Thu Jul 16th, 2020 at 07:23:22 AM EST
Don't Let The Door Hit You On The Way Out ...
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Bari Weiss Resignation Letter
It is with sadness that I write to tell you that I am resigning from The New York Times.
I joined the paper with gratitude and optimism three years ago. I was hired with the goal of bringing in voices that would not otherwise appear in your pages: first-time writers, centrists, conservatives and others who would not naturally think of The Times as their home. The reason for this effort was clear: The paper's failure to anticipate the outcome of the 2016 election meant that it didn't have a firm grasp of the country it covers. Dean Baquet and others have admitted as much on various occasions. The priority in Opinion was to help redress that critical shortcoming.
I was honored to be part of that effort, led by James Bennet. I am proud of my work as a writer and as an editor. Among those I helped bring to our pages: the Venezuelan dissident Wuilly Arteaga; the Iranian chess champion Dorsa Derakhshani; and the Hong Kong Christian democrat Derek Lam. Also: Ayaan Hirsi Ali, Masih Alinejad, Zaina Arafat, Elna Baker, Rachael Denhollander, Matti Friedman, Nick Gillespie, Heather Heying, Randall Kennedy, Julius Krein, Monica Lewinsky, Glenn Loury, Jesse Singal, Ali Soufan, Chloe Valdary, Thomas Chatterton Williams, Wesley Yang, and many others.
But the lessons that ought to have followed the election--lessons about the importance of understanding other Americans, the necessity of resisting tribalism, and the centrality of the free exchange of ideas to a democratic society--have not been learned. Instead, a new consensus has emerged in the press, but perhaps especially at this paper: that truth isn't a process of collective discovery, but an orthodoxy already known to an enlightened few whose job is to inform everyone else.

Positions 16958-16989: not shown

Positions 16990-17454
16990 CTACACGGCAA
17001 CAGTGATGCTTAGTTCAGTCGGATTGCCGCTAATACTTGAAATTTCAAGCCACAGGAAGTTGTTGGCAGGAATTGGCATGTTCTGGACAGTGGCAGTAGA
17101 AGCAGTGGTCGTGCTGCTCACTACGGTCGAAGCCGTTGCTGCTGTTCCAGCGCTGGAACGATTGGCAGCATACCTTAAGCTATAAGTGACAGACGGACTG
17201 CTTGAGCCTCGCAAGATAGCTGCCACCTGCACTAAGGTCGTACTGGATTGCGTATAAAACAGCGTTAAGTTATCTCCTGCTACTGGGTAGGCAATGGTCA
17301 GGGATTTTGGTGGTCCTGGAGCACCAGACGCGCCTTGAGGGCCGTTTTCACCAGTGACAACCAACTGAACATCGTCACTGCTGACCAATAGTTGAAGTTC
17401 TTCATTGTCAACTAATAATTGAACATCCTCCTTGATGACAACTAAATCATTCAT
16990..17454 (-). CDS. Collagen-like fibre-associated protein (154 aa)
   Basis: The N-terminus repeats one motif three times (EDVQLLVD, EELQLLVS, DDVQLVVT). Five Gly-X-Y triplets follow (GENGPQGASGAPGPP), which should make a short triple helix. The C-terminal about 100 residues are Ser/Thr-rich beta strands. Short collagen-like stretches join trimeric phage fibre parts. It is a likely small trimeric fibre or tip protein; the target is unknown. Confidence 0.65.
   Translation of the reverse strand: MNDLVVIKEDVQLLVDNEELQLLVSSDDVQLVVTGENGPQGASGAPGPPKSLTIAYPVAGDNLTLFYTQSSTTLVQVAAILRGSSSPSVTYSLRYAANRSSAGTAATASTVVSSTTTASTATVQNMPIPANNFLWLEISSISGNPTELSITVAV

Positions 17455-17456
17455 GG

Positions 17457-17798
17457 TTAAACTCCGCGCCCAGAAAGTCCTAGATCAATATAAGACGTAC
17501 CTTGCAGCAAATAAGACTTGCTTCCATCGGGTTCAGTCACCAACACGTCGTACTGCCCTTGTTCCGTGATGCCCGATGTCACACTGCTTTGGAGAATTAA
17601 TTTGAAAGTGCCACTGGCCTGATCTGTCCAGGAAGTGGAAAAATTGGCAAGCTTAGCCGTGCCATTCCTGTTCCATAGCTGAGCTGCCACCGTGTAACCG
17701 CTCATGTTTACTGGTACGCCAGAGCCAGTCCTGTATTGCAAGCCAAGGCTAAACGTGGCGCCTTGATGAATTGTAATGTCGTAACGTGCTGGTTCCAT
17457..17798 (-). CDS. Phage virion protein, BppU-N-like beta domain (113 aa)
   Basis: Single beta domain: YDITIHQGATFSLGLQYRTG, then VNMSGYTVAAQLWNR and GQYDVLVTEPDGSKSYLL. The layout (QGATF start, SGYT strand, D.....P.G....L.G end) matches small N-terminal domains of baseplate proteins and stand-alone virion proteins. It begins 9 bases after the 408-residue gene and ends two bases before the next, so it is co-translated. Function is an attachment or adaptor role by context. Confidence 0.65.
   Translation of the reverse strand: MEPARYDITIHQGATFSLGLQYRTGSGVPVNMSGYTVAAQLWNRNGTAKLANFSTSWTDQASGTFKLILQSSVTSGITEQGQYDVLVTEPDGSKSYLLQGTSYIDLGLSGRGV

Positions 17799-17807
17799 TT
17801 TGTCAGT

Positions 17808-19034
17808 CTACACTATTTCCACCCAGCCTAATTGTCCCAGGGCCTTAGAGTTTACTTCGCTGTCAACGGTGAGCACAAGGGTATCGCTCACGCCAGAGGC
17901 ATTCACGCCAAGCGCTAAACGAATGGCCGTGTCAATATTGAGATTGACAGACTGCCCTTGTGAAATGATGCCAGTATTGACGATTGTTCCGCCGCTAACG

Bari Weiss on ’How to Fight Anti-Semitism' | Jewish Chronicle |
The Atlantic and NY Times' Normalization of the Alt-Right | Tikun Olam - April 2018 |
Both Jeffrey Goldberg, elevated a little over a year ago to managing editor of The Atlantic, and his predecessor and mentor, James Bennet, now the NY Times op-ed page editor, have embarked on a process of normalizing the alt-right, via hiring its devotés to grace their respective pages.
The latest instance is Goldberg's hiring of the deeply misogynist, Kevin Williamson. In the pages of The National Review and his own tweets he's advocated the execution (by hanging) of any woman who's ever had an abortion and the doctors and nurses who performed them.
The addition of Williamson as a contributor indicates the normalization of alt-right hate in the pages of what were once considered liberal publications. Under the guise of seeking "diversity," both Goldberg and Bennet have hired a woman-hater, a climate denier, and "unwoke" feminist hasbara hack (Williamson, Bret Stephens, and Bari Weiss, respectively).
Some of these hires, while not identified with the alt-Right, have a soft spot in their heart for the world's repressive regimes, including Israel and Saudi Arabia. Both Stephens and Bari Weiss are proud members of the journalist-wing of the Israel Lobby. Their columns regularly offer hasbara to the readers of the Times. Similarly, Goldberg himself recently did one of his infamous puff interviews with none other than Saudi Crown Prince Mohammed ibn Salman. The latter has been on a world tour and charm offensive designed to introduce himself on the world stage.
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